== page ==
The talk of all things baby starts as soon as you find out you're pregnant. What do babies need? Where do they sleep? Let's paint the nursery! Aww and all the cute outfits. OMG I have to push a what out my what? They give us a baby when we leave the hospital? And sorry, they pee how many times a day? The constant stream of thoughts surrounding having a baby is never ending, and as I have recently found out, when they are here, it just increases tenfold.
Before Iola was here, one of the baby topics Marty and I talked about and agreed on right away was wanting to try our hand at cloth diapering. And everyone knows the reasons for doing this are of course to save money, but for me even more importantly, it was to *try* not to add to the landfill piles of the world. Something like 18 billion diapers are thrown out every year and they take 500 years to break down and honestly it makes me sad thinking that my daughter's sh*t could literally outlive her.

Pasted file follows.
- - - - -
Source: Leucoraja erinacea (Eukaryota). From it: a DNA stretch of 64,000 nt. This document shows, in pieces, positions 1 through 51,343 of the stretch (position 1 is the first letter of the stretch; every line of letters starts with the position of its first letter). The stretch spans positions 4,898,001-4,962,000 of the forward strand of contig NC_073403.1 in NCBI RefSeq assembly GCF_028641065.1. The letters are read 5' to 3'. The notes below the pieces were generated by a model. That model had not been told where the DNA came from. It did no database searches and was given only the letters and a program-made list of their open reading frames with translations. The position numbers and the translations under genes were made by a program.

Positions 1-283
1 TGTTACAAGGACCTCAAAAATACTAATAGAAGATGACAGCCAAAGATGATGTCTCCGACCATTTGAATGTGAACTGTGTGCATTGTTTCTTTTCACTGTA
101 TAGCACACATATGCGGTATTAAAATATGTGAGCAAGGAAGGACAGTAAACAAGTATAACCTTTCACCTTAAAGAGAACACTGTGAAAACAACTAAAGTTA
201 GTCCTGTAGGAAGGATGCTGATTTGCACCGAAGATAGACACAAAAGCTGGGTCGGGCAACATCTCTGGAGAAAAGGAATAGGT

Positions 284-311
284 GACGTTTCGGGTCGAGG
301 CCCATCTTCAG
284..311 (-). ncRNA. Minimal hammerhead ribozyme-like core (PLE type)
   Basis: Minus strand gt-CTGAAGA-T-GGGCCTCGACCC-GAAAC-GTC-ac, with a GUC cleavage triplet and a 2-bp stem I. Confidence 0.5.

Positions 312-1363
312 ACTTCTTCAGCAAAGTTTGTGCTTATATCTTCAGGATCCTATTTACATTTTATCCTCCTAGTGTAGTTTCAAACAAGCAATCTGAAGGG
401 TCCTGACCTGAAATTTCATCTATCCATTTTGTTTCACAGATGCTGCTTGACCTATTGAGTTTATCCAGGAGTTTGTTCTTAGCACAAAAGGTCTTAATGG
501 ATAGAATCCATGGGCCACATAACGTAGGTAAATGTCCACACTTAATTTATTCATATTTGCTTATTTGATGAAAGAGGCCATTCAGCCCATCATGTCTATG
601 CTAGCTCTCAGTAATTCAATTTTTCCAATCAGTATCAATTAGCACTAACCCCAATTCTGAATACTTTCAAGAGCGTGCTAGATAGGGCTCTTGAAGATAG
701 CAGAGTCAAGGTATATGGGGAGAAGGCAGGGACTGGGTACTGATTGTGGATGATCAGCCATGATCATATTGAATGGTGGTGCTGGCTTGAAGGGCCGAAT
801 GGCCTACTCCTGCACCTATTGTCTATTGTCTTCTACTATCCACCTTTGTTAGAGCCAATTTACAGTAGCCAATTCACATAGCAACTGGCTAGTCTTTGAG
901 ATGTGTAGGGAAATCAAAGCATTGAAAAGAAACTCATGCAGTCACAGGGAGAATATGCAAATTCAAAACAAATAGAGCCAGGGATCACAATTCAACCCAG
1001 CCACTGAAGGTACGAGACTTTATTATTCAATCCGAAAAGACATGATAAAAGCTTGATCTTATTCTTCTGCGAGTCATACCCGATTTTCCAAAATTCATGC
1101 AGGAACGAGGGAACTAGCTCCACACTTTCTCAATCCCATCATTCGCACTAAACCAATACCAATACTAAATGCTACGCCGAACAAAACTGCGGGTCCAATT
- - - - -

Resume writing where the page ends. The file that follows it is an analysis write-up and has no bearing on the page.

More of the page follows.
The most difficult part of cloth diapering before you start is that it is FRICKEN OVERWHELMING. It's like picking out toothpaste when pregnant. I cried. Why are there so many choices for a product that does the exact same thing? I scoured the internet for hours; watched YouTube videos, read reviews, and visited all the websites.
This is what I gathered before I started:
1) to clarify, we call the outer cutesie colourful diaper portion the cage (we made this up), and the absorbent pads are actually called the inserts (there's a whole other type of diaper called a prefold which I won't get into because we decided they weren't for us at all - Google it!)
2) certain brands and sizes work better than others depending on your baby and you won't know what works until you try them
3) using a few different brands at once may benefit your baby, as spots where they may rub or chafe will vary, decreasing rashes, irritation, etc.